Understanding the Need

Without electricity our lives would be radically different– We could not light our homes, our schools, or our healthcare facilities. We would spend hours each day collecting kindling for our cooking and heating needs. We would not be able to refrigerate our food or our medications. Communication would be drastically limited…

For individuals in more than two million villages the absence of electricity is not an imaginative exercise, but a daily reality.

According to the International Energy Agency, 1.3 billion individuals are without access to electricity and 2.6 billion rely on biomass (wood, dung, crop residue) for their daily cooking and heating needs. It is estimated that 95% of the world’s energy poor live in sub-Saharan Africa or developing Asia, and 84% reside in rural areas.

Energy poverty, or the lack of access to modern energy services, is often cited as the worst type of poverty because it compromises nearly every aspect of an individual’s life.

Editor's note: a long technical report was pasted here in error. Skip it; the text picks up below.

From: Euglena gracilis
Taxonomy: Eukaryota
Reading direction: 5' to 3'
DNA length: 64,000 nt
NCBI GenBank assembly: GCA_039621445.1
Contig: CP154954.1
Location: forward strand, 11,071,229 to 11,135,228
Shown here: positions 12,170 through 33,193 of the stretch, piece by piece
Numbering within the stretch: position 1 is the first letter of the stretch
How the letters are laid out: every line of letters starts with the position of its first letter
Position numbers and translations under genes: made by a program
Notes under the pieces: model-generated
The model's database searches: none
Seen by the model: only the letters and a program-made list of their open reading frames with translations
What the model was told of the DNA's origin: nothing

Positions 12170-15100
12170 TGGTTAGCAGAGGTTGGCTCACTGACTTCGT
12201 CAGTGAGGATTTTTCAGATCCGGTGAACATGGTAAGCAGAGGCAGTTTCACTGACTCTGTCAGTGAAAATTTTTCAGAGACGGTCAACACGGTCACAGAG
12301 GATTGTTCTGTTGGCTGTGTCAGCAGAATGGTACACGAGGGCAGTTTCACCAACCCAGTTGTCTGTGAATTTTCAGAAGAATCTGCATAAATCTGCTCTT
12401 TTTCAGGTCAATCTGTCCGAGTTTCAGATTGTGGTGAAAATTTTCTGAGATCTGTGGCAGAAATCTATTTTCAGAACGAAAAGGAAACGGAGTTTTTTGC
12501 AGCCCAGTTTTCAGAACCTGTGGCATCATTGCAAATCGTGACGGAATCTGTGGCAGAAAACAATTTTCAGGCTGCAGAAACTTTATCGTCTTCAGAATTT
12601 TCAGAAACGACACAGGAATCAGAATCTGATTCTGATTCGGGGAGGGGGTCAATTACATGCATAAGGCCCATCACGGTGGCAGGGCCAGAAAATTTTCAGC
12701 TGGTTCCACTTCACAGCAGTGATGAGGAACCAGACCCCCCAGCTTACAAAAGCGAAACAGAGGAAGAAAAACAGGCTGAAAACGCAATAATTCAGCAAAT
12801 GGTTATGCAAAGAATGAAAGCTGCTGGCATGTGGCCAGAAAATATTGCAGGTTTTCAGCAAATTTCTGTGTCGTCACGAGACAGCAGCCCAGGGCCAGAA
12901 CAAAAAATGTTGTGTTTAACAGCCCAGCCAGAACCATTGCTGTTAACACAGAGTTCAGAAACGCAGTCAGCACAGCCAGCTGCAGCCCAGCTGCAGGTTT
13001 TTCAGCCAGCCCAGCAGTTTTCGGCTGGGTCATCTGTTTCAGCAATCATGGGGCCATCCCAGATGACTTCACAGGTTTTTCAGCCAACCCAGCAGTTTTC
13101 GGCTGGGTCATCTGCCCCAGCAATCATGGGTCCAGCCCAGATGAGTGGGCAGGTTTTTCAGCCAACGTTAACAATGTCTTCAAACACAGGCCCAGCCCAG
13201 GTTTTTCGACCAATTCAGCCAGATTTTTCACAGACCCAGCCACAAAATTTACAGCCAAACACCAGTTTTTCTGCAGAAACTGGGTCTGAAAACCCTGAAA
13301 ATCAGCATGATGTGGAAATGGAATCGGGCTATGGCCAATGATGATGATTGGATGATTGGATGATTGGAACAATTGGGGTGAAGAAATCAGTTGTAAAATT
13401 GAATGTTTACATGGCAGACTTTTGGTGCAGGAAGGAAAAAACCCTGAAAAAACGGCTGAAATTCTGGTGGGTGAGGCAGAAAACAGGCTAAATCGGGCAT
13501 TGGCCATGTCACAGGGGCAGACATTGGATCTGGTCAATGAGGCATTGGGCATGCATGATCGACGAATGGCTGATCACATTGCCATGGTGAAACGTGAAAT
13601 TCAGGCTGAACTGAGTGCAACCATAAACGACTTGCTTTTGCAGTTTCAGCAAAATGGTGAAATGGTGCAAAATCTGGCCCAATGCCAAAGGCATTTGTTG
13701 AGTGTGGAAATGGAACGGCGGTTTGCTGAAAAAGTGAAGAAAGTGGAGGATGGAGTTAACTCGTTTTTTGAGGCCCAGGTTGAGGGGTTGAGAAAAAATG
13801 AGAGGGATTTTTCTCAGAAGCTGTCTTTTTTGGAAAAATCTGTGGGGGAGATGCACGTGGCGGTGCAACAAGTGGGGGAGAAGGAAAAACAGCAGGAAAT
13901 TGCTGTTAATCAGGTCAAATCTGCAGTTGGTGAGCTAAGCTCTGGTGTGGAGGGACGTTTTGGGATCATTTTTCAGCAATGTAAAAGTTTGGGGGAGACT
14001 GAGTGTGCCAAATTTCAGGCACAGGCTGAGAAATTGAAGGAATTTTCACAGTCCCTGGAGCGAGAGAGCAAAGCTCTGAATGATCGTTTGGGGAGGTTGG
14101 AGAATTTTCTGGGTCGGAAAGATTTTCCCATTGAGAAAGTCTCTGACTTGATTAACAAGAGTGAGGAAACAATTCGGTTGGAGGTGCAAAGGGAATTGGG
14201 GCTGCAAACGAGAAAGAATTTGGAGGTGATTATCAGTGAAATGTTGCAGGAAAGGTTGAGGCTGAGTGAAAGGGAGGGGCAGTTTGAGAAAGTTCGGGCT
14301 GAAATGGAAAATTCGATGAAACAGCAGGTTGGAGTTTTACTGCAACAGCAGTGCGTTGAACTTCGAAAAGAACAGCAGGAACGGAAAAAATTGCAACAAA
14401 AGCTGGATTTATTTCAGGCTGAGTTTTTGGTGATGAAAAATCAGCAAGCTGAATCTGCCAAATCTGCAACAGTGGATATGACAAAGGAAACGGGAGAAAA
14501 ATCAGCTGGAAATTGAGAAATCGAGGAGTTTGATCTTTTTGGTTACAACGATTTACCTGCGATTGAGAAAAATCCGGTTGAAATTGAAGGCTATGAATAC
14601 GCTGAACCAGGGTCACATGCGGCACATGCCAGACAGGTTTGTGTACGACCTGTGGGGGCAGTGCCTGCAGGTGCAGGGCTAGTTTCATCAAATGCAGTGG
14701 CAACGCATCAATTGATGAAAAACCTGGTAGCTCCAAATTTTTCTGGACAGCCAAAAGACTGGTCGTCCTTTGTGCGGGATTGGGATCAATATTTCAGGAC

Economic Development:

According to the United Nations, one billion people survive on less than $1 USD per day. In many nations, families rely on kerosene and charcoal to meet their daily energy needs. Purchasing these costly fuels strains the family’s meager income.

The absence of electricity stifles job creation and limits business potential. It complicates basic daily tasks, leaving little time for work outside of the home. With limited economic opportunity, families living in energy poverty struggle to break out of the cycle of absolute poverty.


A recent study revealed that per hour, emissions from traditional cook stoves equate to that of 400 cigarettes. According to the 2010 Global Burden of Disease analysis, indoor air pollution is estimated to cause approximately 3.5 million premature deaths per year, making it the largest environmental threat to health in the world today. Inhalation of indoor air pollution has been linked to a plethora of health ailments, including acute lower respiratory infections, chronic obtrusive pulmonary disease, lung cancer, cardiovascular disease, asthma, cataracts, low birth weight and perinatal mortality. Additionally, numerous children suffer serious burns each year from traditional cook stoves and turned over kerosene lamps.